Heartbreaking in so many respects, Putin’s drive to extirpate Ukrainian independence is also a tragedy for the democratic prospect, writ large. Ukrainian nationalism, after all, is marred by its own dark legacy of intolerance, from the slaughter of Jews by Khmelnytsky’s hoards to the pogroms under Symon Petliura to the pro-Nazi fascism of Stephan Bandera. Unlikely candidates for democratic leadership among post-Soviet republics, Ukrainians peacefully toppled an authoritarian regime in favor of a freely elected government, headed not by an oligarch or former KGB hack, but by an actor, and a Jewish descendant of holocaust survivors. While the country’s political system remains plagued by corruption, Freedom House says its electoral process is marked by “dynamic competition among parties,” and notes that women’s rights rallies and LGBT parades take place openly and under police protection. In historical perspective, the democratic transformation of Ukraine’s political culture has been truly momentous, a symbol of hope at a time when democracy is in retreat around the globe.
Hanna Arendt traced the degeneration of the European nation state to its transformation “from an instrument of law to the instrument of the nation.” In his speech to the Russian parliament, Putin justified his own aggression in blatantly irredentist terms, claiming Ukrainian territory as historically Russian while describing the very existence of Ukraine as artificial. And so it was that the armed might of a nuclear superpower was removed from the realm of law and put at the disposal of an ethnocratic fantasy aimed at stamping a country of 44 million people out of existence.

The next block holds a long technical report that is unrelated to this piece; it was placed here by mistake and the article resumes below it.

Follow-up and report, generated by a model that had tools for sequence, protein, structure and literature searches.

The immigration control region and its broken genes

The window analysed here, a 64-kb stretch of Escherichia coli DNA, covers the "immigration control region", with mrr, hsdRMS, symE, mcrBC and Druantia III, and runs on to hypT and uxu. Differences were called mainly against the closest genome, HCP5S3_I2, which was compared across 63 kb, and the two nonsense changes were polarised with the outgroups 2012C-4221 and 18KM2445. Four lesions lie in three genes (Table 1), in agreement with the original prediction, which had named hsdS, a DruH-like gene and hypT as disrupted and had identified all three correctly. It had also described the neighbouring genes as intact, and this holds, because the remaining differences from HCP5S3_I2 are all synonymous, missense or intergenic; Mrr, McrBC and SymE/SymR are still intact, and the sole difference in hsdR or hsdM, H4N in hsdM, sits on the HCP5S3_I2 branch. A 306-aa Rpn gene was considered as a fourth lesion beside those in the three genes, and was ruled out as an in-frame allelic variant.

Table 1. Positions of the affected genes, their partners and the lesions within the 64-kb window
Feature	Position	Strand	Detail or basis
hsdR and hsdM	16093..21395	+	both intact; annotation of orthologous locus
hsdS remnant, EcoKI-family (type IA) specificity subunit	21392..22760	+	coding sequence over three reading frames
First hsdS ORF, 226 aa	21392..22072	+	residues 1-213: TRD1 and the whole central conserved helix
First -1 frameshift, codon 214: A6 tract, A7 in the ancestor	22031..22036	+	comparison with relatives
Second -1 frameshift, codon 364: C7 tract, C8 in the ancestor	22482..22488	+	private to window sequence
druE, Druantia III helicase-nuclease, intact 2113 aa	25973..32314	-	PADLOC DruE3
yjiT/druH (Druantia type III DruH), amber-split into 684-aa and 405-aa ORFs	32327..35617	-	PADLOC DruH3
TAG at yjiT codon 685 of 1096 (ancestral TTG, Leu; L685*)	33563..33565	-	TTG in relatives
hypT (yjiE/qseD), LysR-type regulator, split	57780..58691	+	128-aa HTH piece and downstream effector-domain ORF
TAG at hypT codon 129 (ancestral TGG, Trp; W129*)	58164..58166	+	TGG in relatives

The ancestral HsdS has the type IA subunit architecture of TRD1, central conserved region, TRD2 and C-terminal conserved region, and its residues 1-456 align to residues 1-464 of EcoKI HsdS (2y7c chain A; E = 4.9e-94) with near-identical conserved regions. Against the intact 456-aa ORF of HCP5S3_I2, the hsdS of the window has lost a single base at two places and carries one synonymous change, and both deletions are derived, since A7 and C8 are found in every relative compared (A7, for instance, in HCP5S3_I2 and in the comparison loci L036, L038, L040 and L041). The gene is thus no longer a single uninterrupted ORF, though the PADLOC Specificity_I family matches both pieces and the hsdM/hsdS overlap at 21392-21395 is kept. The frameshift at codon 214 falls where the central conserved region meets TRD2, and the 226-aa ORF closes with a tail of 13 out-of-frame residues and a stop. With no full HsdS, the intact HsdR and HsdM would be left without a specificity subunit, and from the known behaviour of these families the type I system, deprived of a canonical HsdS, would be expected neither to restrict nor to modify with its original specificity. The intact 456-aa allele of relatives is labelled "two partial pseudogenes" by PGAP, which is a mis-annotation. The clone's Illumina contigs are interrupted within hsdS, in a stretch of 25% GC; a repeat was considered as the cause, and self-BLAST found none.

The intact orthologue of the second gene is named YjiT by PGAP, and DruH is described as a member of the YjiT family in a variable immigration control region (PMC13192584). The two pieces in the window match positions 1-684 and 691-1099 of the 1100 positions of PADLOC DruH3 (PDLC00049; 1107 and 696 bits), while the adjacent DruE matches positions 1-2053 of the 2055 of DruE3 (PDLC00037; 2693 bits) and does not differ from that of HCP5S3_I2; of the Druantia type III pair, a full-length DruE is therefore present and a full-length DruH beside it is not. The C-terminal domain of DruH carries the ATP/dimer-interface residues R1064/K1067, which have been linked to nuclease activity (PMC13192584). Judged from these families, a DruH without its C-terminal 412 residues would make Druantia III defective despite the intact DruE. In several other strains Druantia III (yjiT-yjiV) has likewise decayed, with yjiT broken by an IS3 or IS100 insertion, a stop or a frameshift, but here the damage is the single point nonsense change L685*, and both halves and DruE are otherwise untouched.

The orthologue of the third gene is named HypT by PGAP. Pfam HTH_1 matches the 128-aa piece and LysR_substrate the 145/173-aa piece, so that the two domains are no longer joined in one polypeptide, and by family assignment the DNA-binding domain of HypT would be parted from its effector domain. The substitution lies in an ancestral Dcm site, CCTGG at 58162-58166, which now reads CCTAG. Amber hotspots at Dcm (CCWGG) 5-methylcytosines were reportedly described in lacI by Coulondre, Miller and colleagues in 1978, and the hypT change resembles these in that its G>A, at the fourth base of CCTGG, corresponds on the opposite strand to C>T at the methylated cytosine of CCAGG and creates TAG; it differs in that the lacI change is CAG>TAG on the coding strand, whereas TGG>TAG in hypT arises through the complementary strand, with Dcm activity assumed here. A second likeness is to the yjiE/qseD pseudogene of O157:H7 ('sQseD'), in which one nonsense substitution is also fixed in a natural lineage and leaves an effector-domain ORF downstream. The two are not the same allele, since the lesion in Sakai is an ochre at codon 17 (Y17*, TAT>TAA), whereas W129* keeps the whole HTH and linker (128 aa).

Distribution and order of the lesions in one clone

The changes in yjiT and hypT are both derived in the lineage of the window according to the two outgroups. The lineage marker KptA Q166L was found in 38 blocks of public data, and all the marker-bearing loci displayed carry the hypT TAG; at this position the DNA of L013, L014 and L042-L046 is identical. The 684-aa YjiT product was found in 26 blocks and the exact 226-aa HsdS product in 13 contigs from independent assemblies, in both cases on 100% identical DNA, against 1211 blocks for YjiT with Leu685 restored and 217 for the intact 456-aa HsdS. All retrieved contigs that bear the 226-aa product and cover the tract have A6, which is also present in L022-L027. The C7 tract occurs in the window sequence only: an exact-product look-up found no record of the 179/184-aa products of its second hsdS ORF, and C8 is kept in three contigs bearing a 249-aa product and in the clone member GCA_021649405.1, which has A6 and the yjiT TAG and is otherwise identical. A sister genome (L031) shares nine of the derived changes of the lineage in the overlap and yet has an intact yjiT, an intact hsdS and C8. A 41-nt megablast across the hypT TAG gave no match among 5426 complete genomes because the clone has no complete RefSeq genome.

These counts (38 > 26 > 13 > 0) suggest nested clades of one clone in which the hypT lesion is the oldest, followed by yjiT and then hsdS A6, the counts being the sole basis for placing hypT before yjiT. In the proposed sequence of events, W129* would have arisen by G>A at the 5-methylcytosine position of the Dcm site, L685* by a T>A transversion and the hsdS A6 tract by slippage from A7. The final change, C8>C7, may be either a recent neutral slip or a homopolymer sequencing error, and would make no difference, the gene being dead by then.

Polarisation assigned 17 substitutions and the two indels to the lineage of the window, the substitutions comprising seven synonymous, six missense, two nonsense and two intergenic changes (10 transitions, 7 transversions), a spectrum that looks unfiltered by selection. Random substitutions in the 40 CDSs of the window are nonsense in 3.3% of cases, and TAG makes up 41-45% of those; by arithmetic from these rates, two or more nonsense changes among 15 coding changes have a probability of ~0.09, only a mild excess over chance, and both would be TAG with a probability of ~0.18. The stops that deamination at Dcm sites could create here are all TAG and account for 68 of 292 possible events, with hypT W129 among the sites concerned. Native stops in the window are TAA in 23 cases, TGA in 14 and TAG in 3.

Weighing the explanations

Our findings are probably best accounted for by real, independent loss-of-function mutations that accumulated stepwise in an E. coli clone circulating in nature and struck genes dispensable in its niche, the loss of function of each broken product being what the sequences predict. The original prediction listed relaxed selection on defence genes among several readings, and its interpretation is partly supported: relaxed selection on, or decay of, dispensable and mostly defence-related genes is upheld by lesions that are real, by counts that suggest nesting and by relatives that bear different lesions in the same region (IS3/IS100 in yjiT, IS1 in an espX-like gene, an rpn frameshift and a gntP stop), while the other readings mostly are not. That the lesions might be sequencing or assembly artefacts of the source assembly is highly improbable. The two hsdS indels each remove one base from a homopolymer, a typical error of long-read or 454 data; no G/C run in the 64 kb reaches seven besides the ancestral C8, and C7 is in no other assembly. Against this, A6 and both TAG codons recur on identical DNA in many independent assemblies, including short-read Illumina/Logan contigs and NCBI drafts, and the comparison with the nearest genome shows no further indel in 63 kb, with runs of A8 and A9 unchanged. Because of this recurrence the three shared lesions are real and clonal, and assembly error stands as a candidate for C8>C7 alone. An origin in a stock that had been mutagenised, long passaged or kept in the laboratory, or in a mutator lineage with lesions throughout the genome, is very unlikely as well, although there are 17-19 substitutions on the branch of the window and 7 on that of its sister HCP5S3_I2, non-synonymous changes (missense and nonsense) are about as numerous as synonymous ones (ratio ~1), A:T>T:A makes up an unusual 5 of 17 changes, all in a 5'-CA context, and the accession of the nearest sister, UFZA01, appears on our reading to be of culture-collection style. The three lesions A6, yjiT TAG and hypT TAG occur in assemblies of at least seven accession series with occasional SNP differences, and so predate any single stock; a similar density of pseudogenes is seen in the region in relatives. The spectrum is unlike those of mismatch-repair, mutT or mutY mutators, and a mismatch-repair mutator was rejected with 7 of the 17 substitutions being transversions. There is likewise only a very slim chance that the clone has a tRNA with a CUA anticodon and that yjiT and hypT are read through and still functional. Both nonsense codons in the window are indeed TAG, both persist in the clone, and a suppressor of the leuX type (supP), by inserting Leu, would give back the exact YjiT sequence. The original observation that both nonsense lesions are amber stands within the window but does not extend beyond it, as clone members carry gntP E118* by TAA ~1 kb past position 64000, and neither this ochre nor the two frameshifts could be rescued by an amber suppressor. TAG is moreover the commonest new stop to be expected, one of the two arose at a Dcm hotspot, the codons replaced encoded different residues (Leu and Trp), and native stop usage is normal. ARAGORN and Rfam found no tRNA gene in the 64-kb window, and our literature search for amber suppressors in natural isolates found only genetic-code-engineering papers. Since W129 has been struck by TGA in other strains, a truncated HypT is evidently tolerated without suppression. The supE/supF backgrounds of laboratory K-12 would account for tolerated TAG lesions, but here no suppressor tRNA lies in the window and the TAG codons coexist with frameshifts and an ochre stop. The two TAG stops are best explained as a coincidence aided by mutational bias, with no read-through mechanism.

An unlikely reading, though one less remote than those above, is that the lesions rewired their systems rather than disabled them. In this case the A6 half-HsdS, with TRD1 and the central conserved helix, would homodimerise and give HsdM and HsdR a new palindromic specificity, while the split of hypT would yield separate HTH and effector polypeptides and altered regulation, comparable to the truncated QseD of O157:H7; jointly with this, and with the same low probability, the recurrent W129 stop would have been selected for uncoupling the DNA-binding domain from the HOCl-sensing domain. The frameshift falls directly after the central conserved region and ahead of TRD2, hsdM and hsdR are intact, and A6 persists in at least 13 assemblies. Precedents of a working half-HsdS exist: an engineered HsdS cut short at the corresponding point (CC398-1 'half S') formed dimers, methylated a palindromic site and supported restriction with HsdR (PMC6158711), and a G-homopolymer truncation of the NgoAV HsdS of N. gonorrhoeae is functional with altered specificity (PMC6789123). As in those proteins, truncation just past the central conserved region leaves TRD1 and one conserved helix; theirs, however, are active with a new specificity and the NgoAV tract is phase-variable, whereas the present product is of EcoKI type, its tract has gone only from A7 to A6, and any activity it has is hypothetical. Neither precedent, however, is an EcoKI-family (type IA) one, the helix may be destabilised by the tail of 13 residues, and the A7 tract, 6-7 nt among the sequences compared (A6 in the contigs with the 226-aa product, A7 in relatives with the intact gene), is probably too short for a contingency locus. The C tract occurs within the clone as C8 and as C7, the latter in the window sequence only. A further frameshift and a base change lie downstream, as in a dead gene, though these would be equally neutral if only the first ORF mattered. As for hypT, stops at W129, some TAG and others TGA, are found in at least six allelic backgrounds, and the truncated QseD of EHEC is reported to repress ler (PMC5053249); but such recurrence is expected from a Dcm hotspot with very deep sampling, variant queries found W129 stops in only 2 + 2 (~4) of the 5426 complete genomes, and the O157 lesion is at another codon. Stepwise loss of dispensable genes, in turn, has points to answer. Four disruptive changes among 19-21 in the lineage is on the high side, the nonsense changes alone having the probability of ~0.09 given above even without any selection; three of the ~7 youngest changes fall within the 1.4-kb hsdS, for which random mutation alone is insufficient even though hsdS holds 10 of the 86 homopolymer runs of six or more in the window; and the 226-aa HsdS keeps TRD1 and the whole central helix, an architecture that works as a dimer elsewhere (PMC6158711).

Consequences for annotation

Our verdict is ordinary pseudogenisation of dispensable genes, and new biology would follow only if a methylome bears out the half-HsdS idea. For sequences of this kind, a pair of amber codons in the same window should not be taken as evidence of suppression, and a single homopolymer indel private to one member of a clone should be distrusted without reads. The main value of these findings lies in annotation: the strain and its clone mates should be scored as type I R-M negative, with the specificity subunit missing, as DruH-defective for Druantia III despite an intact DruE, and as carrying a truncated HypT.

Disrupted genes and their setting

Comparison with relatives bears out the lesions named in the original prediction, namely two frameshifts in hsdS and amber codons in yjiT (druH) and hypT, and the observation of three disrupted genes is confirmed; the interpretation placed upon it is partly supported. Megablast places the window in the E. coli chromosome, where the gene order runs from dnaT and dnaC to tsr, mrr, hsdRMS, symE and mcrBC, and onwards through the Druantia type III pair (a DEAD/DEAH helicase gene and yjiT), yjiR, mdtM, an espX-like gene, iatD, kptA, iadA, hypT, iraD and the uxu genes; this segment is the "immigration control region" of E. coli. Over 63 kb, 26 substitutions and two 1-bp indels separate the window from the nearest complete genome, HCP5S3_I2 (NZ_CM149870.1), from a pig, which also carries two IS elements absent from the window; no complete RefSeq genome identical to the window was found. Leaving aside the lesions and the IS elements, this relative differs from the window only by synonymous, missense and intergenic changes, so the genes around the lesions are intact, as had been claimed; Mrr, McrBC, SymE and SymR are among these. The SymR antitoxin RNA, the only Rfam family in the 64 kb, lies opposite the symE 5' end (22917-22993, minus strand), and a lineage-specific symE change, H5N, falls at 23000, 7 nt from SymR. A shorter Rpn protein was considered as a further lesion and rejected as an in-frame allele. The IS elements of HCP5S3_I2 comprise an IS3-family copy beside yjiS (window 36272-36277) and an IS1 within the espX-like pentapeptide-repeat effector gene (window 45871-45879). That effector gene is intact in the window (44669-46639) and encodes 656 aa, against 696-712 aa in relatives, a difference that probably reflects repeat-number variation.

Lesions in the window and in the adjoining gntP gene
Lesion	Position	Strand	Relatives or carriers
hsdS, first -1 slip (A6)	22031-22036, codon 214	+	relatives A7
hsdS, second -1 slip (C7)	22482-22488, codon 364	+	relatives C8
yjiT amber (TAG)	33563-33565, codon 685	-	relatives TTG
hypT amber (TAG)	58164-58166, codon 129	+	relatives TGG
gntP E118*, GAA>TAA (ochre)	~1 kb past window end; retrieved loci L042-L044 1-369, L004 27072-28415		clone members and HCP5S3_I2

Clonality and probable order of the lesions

If Arendt is right, the liberal democratic order, anchored in law and standing above the assorted proclivities of its constituent national groups, is the apotheosis of the modern state. Its defeat at the hands of the nation paves the way for unbridled totalitarianism. The history of Ukraine shows there is nothing inevitable about this process. Democracy can flower in the most unlikely of places. It can also wither and die.
The promise and the tragedy of Ukraine should give pause to all democratic societies. This includes Israel, where the internal contradictions of our own political system bode ill for its long term sustainability. While in Jerusalem and Tel Aviv, a healthy debate rages about the limits of police power and the invasion of privacy, just over the Green Line in the occupied West Bank clerico-ethnic settler militias terrorize Palestinians and destroy their property with impunity, cowing the Israeli military into acquiescence. Ominously, Israel’s extra legal settlement enterprise — which views the state and its armed forces as just another tool at the disposal of some eschatological fantasy — has become the lodestar of political respectability on the Israeli right, and the arbiter of government coalitions. It is a dissonance that cannot long endure.
Modern states, it seems, contain the bacillus of their own degeneration. Trump, Victor Orban, VOX and the AFD show that no country, regardless of its history, is completely immune. The absence of a strategy to defend Ukraine from aggression, despite years of advance warning, is evidence of a festering isolationist contagion that crosses ideological lines. Does this point to an even deeper affliction in the free world? To survive, democracy must perpetually confront its malaise, vaccinate it back to the harmless fringes, overcome its debilitating effects on collective resolve. Before we can stand up to our enemies, we must believe in ourselves. Democratic resolve was tested in Ukraine. It faltered, and a powerful beacon of democratic transformation is being extinguished. Democracy will inevitably be tested again, perhaps in Taiwan, or in places we cannot yet imagine. Next time, we cannot lose.